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Exclusive: Mental health messaging app Wysa raises $20M

Erin Brodwin
Jul 14, 2022
Illustration of a man in profile with a phone over the top half of his head revealing a view of his brain.
Illustration: Brendan Lynch/Axios

Wysa, developer of an AI-powered mental health messaging tool, raised $20 million in Series B funds to expand its presence in the U.S., U.K. and India, co-founder Ramakant Vempati tells Axios exclusively.

Why it matters: Digital behavioral health companies have seen an uptick in investor interest as demand for mental health support dramatically outpaces the supply of trained professionals.

Deal details: HealthQuad led Wysa's round and was joined by British International Investment.

  • Insiders including W Health Ventures, Kae Capital, Google Assistant Investments and pi Ventures also joined.

🐧 How it works: Wysa uses conversational AI — in the form of a friendly penguin — to guide users through exercises based on cognitive behavioral therapy (CBT), an evidence-backed form of treatment for depression and other disorders.

  • The tool can also refer users out to other behavioral health services or crisis support, and Vempati emphasizes: "This is not crisis support; it’s fully intended as a wellness service."
  • In addition to its DTC offering, Wysa has a B2B offering that serves customers including Accenture, Colgate-Palmolive, Aetna International, Swiss Re, the U.K.'s National Health Service (NHS) and Singapore's Ministry of Health.

Yes, but: Wysa doesn’t facilitate one-on-one therapy sessions; it instead provides a chatbot that walks people through mental health exercises.

  • While that's a potential benefit amid staffing shortages, it also limits the depth and breadth of services it can provide, academics and investors tell Axios.
  • Woebot, a San Francisco-based mental health chatbot maker, has a similar approach. Woebot's last big fundraise in 2021 valued the company at $230 million.

By the numbers: Wysa has 4.5 million users across 65 countries, Vempati says.

  • The company's revenue doubled this year compared with last year and is on track to double again this year, he adds.
  • A small, Wysa-sponsored study published in 2018 in JMIR mHealth suggested the app helped reduce participants' depression symptoms but noted that more research was needed to validate the findings. (Wysa is currently working on more studies with the NHS and others.)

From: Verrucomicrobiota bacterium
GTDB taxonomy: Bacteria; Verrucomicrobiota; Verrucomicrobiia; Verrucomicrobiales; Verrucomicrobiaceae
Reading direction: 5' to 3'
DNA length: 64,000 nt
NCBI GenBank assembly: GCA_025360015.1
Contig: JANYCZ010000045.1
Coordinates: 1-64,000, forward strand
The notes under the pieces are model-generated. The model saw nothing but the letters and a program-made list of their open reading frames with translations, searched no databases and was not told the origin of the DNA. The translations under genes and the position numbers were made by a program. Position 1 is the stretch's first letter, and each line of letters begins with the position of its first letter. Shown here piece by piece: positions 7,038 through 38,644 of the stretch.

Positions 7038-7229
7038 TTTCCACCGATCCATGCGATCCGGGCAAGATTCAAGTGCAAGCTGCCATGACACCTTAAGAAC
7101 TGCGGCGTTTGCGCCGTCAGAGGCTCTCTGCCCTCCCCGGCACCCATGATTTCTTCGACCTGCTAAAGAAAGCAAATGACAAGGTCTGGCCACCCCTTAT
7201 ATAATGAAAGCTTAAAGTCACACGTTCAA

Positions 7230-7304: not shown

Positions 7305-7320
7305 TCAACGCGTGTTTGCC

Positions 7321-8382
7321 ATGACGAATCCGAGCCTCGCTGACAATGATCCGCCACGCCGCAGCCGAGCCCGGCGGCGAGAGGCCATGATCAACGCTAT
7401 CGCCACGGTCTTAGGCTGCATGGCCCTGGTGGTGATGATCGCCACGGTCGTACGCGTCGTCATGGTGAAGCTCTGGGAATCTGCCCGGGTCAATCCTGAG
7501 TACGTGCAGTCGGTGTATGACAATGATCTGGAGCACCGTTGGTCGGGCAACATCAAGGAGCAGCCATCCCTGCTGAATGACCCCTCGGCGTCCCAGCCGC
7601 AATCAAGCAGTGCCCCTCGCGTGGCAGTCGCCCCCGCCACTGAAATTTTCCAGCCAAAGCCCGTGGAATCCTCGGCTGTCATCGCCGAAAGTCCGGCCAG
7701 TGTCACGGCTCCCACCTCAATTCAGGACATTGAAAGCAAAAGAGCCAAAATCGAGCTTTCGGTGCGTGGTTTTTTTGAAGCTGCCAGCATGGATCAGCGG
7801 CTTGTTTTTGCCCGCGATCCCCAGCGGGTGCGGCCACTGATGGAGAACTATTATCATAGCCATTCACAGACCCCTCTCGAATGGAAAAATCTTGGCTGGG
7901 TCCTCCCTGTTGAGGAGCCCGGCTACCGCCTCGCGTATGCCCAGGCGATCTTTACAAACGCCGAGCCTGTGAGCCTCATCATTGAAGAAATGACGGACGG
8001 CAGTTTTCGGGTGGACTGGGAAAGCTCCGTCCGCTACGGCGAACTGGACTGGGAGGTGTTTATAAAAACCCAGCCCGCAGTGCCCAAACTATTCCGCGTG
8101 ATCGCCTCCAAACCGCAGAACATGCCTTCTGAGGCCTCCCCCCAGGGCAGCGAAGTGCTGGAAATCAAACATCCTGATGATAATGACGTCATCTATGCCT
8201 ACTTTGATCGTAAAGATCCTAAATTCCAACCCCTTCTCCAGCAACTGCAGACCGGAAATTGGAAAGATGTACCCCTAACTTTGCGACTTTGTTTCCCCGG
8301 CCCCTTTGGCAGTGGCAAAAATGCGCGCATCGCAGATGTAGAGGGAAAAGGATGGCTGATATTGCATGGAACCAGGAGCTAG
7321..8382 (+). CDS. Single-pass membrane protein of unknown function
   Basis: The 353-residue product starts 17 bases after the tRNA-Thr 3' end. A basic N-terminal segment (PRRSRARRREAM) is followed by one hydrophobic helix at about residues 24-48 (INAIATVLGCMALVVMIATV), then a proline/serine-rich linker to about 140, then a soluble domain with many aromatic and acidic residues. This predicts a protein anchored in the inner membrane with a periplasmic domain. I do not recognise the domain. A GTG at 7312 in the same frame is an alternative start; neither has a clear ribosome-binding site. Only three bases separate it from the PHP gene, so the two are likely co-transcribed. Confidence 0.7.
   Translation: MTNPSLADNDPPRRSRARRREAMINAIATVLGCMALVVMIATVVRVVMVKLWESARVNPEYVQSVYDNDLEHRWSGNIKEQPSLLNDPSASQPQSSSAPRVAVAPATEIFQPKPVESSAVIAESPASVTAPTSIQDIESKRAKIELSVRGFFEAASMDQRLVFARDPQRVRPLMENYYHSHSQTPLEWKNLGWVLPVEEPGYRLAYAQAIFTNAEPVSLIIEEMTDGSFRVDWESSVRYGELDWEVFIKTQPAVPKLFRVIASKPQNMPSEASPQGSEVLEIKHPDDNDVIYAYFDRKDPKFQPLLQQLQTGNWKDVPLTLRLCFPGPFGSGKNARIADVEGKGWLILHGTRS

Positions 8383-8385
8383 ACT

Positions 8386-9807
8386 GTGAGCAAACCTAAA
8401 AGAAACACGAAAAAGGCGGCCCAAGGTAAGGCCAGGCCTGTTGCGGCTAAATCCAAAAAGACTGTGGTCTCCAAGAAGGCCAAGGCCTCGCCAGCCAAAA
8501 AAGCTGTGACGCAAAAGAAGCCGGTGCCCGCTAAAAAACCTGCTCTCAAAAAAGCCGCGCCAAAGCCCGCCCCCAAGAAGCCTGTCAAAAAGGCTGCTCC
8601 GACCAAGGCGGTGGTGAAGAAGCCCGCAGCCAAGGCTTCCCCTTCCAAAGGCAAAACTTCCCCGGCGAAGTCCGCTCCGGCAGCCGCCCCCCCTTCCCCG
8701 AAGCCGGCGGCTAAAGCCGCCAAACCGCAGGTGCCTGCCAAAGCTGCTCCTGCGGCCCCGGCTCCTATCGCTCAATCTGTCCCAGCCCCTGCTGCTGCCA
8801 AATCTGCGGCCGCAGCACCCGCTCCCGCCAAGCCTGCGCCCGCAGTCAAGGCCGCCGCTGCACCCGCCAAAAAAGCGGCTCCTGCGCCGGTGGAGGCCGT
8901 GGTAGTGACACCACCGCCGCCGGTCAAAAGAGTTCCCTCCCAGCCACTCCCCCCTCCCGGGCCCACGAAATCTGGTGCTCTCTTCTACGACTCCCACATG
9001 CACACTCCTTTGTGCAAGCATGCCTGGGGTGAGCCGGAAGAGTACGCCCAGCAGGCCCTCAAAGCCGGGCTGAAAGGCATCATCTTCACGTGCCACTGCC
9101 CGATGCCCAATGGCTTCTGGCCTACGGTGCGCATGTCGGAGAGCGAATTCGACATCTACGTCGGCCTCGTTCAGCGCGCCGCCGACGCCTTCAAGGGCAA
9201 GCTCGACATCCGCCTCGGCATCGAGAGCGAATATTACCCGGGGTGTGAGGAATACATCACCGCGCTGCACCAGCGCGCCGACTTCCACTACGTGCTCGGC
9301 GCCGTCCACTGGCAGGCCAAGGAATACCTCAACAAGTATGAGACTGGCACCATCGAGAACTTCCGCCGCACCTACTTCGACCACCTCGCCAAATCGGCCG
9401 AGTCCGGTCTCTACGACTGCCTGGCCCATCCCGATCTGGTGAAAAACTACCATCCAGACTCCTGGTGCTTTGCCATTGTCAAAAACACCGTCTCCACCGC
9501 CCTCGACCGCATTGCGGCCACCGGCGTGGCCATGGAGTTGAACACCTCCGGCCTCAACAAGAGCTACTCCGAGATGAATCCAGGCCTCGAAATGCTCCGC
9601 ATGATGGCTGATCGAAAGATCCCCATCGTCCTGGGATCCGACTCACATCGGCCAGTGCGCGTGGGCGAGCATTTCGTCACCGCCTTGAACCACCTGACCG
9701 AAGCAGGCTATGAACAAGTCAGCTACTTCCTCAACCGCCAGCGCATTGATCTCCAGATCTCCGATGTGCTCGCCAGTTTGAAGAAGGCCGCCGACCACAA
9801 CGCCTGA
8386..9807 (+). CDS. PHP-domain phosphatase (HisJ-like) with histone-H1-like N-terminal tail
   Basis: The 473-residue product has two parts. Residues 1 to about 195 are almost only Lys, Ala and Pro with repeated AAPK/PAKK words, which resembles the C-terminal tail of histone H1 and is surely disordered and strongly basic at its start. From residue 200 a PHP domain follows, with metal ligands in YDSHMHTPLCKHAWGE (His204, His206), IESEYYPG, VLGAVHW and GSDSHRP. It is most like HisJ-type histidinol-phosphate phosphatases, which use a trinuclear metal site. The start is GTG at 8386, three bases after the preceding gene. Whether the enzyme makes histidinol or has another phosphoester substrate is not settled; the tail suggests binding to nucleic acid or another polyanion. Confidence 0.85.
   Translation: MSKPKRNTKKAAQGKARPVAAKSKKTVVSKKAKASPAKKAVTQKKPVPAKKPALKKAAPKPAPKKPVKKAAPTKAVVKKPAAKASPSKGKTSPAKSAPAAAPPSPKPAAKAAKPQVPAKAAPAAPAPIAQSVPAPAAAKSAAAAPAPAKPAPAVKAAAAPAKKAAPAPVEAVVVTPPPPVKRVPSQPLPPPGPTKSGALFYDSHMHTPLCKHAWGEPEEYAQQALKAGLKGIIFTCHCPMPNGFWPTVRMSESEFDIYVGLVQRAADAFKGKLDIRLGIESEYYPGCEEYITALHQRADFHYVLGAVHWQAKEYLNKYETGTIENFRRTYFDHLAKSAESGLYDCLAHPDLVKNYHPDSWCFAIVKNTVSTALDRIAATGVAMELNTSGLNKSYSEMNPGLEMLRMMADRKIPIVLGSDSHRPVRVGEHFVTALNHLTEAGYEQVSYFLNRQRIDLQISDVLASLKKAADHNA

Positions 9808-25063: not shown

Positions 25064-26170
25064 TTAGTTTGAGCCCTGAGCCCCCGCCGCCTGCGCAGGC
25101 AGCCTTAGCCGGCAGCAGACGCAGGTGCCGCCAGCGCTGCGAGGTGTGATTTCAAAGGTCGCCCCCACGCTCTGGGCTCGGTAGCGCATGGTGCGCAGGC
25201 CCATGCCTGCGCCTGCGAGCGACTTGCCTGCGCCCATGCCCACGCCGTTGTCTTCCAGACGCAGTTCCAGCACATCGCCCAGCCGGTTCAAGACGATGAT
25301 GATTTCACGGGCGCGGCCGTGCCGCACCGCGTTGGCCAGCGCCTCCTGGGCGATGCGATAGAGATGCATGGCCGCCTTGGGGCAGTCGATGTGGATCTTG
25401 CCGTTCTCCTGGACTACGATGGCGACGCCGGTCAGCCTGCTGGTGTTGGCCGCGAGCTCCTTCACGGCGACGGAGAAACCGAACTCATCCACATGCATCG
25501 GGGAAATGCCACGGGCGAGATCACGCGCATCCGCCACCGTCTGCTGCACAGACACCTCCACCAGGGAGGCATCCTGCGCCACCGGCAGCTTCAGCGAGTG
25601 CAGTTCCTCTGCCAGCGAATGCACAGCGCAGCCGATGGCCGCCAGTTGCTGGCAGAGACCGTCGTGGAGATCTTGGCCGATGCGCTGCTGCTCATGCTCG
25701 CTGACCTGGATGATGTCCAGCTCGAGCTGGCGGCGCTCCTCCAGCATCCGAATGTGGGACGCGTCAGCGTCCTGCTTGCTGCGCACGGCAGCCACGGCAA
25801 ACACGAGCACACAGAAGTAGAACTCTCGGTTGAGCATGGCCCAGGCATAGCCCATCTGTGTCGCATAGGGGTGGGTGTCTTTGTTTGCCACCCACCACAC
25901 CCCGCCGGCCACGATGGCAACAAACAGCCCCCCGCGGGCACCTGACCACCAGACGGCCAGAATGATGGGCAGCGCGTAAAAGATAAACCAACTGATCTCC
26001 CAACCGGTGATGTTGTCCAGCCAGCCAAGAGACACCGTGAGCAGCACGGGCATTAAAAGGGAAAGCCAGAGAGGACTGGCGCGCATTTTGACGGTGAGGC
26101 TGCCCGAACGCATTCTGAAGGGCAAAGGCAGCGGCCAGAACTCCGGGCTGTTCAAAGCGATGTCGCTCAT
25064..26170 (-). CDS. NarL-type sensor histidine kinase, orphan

State of play: Investor dollars have poured into several such companies in the last six months.

  • Brightside, which links people to therapists virtually, raised $50 million in Series B funds in March.
  • Concert Health, which partners with medical groups to triage patients for mental health support, raised $42 million in Series B funds in April.
  • Bicycle Health, a startup that provides virtual and in-person addiction support, raised $83 million in Series B funds in June.

What they're saying: As chatbots grow more technologically sophisticated, they could begin competing with telemental health tools including one-on-one therapy, according to investors.

  • "In the long run, the question is, can AI chatbots seamlessly mimic real human interaction and relationships?" says Shivan Bhavnani, founder of the Global Institute of Mental and Brain Health Investment. "If the answer is yes, then that certainly will extend to the patient-therapist relationship as well."

Still, more research is needed to determine how well these messaging tools work, says John Torous, director of the digital psychiatry division at Beth Israel Deaconess Medical Center.

  • "All of them have offered interesting pilot evidence but not strong evidence of their efficacy," Torous says.

One fun thing: The name Wysa is a play on the words "wiser" and Eliza, one of the first AI psychotherapy chatbots.

  • "At the beginning I was skeptical. I was like, who would want to talk to a chatbot about their deepest darkest fears? But interest exploded," says Vempati.
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